Increased ECMO Volumes

Lillian J Hall, MSN, APRN, ACCNS-AG, CCRN-K, Timothy Rog, BSN, RN, NE-BC, Elizabeth Day, MSN, APRN, CCNS, CCRN-K, Kathie Posa-Kearney, MSN, APRN, ACCNS-AG, CCRN, Emily Selby MSN, RN, CMSRN
L. to R., Emily Rodriguez, Kathie Posa-Kearney, Lillian J Hall, Elizabeth Day and Timothy Rog
L. to R., Emily Selby, Kathie Posa-Kearney, Lillian J Hall, Elizabeth Day and Timothy Rog

Nurses in the SICU/CVT-ICU quickly transitioned to a team staffing model in April 2020 during the COVID-19 pandemic surge to increase their ability to care for critically ill patients requiring ECMO support for survival.

Staff from different areas in the hospital, participated in the staffing model changes, including medical-surgical, women and children’s, NICU, and PICU RNs, ECMO specialist RNs from NICU/PICU, and PCTs and NA2s.

Use of the team model allowed for condensing the number of ICU RNs utilized in order to be better able to support the temporary COVID ICUs as well.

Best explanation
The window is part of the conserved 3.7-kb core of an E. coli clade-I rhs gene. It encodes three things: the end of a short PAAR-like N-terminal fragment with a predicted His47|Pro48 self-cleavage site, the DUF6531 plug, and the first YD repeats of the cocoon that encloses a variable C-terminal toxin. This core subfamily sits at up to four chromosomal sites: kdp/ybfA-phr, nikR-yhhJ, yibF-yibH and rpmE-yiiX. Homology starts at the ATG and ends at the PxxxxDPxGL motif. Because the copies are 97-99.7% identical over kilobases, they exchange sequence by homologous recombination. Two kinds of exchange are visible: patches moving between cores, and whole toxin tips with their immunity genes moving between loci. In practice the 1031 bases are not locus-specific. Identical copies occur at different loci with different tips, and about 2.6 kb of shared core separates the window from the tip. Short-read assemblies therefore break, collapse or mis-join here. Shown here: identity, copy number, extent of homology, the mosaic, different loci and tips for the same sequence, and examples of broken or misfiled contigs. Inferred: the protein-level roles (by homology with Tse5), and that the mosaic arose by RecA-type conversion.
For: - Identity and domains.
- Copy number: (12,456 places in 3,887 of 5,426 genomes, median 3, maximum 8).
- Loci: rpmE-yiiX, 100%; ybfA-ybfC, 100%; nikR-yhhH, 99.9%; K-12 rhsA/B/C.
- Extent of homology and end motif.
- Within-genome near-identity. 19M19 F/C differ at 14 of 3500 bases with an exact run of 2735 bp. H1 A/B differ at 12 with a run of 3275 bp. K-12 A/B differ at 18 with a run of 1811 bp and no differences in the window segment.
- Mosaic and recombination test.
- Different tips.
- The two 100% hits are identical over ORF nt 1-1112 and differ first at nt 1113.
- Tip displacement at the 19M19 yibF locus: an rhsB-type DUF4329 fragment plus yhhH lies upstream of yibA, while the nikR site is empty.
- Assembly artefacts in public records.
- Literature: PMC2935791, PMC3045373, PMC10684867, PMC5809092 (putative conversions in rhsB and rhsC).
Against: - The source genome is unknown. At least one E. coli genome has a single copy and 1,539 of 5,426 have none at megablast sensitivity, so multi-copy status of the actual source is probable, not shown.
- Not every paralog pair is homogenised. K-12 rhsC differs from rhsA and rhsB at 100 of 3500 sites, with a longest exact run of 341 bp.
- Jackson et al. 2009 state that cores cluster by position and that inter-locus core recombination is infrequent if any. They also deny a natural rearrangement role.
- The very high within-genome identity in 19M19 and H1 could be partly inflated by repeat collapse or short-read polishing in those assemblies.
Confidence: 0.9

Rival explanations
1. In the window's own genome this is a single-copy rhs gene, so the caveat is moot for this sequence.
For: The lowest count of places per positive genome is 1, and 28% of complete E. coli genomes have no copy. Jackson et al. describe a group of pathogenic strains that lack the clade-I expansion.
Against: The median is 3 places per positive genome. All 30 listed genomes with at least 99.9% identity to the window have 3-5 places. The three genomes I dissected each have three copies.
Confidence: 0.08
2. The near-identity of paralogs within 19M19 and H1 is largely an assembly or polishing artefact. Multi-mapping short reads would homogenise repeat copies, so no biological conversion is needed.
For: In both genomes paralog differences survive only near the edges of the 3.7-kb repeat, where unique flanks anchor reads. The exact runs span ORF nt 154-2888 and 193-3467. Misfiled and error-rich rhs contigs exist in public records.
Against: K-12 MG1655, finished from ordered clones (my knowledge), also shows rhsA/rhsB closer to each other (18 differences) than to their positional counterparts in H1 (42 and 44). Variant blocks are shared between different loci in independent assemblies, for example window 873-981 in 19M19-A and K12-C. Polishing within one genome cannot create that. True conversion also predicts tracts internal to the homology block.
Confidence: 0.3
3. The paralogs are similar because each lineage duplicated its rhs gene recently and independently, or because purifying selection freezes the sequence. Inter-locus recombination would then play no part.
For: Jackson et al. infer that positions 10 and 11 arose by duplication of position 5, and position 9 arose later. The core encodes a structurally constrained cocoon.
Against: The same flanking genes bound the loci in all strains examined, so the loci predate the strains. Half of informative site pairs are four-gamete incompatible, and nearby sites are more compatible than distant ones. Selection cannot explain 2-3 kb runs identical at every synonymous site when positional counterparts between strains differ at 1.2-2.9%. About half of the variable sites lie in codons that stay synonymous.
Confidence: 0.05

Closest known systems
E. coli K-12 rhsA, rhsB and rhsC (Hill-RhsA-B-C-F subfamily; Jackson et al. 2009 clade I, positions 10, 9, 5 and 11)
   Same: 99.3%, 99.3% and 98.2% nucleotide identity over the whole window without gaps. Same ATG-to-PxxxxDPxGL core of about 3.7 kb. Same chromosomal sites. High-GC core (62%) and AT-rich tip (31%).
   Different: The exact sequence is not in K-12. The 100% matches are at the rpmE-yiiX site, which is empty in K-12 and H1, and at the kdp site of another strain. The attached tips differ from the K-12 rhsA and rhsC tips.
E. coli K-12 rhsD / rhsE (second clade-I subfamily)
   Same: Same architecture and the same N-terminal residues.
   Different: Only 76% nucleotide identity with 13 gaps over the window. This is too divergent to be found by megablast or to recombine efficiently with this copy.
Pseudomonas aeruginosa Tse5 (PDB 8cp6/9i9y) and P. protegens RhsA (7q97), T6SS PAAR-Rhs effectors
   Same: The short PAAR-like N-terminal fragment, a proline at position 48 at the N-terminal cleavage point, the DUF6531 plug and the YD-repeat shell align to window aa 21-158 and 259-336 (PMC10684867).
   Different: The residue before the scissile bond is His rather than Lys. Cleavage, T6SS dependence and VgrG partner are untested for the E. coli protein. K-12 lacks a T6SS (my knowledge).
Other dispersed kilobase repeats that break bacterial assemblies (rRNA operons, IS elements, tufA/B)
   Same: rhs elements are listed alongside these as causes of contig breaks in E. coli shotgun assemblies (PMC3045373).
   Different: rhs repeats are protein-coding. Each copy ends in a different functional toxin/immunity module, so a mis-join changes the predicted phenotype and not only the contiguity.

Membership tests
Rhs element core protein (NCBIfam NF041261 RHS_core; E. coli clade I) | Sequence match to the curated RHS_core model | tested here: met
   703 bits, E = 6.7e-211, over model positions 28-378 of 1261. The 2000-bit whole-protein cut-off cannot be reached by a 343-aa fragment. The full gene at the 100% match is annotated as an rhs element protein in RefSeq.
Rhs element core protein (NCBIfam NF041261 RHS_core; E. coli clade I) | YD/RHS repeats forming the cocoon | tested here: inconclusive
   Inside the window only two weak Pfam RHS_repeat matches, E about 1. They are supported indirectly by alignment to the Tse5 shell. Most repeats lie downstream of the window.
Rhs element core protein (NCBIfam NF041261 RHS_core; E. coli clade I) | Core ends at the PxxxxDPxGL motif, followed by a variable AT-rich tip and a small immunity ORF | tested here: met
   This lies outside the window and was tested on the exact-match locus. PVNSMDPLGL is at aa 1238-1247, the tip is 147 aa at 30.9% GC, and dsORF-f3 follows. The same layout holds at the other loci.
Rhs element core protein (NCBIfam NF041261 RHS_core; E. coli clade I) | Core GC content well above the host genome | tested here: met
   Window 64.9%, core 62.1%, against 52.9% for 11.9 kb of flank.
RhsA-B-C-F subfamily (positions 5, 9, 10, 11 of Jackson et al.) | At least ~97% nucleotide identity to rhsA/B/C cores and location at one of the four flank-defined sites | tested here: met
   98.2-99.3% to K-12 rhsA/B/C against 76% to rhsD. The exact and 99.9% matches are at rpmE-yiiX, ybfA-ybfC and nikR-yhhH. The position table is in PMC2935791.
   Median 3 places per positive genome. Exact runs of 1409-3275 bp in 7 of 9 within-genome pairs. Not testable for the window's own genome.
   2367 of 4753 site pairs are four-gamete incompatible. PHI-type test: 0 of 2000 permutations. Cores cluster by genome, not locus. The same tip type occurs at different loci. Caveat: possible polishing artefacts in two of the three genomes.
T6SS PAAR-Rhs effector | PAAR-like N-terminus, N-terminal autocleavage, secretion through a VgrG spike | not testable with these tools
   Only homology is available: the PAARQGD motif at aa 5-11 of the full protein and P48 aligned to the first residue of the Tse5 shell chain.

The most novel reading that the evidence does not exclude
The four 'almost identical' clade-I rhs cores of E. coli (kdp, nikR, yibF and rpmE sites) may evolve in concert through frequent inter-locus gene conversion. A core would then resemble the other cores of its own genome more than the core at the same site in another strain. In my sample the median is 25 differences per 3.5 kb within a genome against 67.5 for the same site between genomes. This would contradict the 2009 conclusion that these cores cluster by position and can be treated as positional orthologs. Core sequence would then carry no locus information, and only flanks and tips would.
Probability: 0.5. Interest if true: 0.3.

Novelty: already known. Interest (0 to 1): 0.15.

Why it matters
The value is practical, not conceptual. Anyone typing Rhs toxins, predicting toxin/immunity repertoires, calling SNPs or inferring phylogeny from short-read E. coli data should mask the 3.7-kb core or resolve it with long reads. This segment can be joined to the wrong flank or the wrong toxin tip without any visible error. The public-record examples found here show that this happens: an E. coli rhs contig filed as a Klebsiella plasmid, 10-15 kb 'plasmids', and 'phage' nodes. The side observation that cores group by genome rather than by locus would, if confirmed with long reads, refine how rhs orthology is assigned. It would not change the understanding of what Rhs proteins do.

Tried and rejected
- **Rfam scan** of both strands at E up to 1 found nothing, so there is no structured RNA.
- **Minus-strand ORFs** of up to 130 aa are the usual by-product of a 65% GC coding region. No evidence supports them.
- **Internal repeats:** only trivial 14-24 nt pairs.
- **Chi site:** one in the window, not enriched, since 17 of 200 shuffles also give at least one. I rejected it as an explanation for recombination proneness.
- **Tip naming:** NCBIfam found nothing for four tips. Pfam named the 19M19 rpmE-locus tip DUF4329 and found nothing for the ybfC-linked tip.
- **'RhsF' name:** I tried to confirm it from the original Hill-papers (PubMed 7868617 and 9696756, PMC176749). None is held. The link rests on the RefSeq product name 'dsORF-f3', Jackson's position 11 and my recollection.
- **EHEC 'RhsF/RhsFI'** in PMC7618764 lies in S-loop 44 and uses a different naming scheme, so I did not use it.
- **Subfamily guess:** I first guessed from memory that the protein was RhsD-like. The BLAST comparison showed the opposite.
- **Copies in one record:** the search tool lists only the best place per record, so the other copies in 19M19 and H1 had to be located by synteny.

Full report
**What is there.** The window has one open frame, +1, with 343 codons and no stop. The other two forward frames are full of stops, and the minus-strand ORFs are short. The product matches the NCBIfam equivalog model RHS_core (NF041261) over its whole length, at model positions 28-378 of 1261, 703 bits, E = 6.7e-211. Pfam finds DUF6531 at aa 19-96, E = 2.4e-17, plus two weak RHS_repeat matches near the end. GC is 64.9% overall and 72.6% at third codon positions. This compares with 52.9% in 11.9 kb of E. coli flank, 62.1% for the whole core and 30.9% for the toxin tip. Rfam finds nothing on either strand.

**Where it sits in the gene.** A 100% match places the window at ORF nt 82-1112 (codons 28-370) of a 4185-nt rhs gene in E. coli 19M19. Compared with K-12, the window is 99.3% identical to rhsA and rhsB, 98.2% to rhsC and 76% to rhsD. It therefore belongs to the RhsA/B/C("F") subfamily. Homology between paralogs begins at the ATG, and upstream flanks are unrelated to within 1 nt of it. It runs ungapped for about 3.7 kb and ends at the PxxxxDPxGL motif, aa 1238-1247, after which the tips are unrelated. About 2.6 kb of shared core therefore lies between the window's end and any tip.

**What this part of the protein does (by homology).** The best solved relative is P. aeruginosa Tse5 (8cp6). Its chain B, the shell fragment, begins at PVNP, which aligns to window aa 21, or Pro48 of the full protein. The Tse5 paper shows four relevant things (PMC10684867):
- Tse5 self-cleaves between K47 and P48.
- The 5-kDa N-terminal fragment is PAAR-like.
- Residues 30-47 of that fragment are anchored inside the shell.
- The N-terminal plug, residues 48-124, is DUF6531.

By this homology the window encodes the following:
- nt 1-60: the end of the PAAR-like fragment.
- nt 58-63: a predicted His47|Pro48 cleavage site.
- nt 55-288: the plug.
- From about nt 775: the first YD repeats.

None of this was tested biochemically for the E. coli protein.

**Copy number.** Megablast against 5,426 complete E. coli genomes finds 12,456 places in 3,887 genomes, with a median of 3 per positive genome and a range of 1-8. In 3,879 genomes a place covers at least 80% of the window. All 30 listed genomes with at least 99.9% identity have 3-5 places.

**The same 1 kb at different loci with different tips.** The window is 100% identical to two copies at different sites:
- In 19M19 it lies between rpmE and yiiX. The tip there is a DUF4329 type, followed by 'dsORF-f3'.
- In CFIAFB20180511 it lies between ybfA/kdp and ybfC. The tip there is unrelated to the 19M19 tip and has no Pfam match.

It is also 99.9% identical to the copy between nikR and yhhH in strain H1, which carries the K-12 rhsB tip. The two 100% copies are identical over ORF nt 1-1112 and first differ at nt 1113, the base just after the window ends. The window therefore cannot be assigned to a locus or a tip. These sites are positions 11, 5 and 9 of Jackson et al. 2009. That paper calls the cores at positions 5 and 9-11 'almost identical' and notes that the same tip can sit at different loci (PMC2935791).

Success of the team nursing model required flexibility, collaboration, open communication and transparency from all staff involved.

Guidelines, resources and tip sheets for the staffing plans and staff responsibilities were created by unit leadership and the CNS team to ensure clarifications of roles among the different team members.

These changes ultimately led to the highest number of ECMO patients ever accommodated in the SICU/CVT-ICU at one time (12). Additionally, outcomes for the COVID-19 patients who received ECMO support during their stay have been overwhelmingly positive.

The SICU/CVT-ICU team and supporting staff adapted to unprecedented measures during the COVID-19 surge and were able to achieve great outcomes with the team nursing model while continuing to provide the high-quality care for which Rush is known.

ECMO survival to discharge graph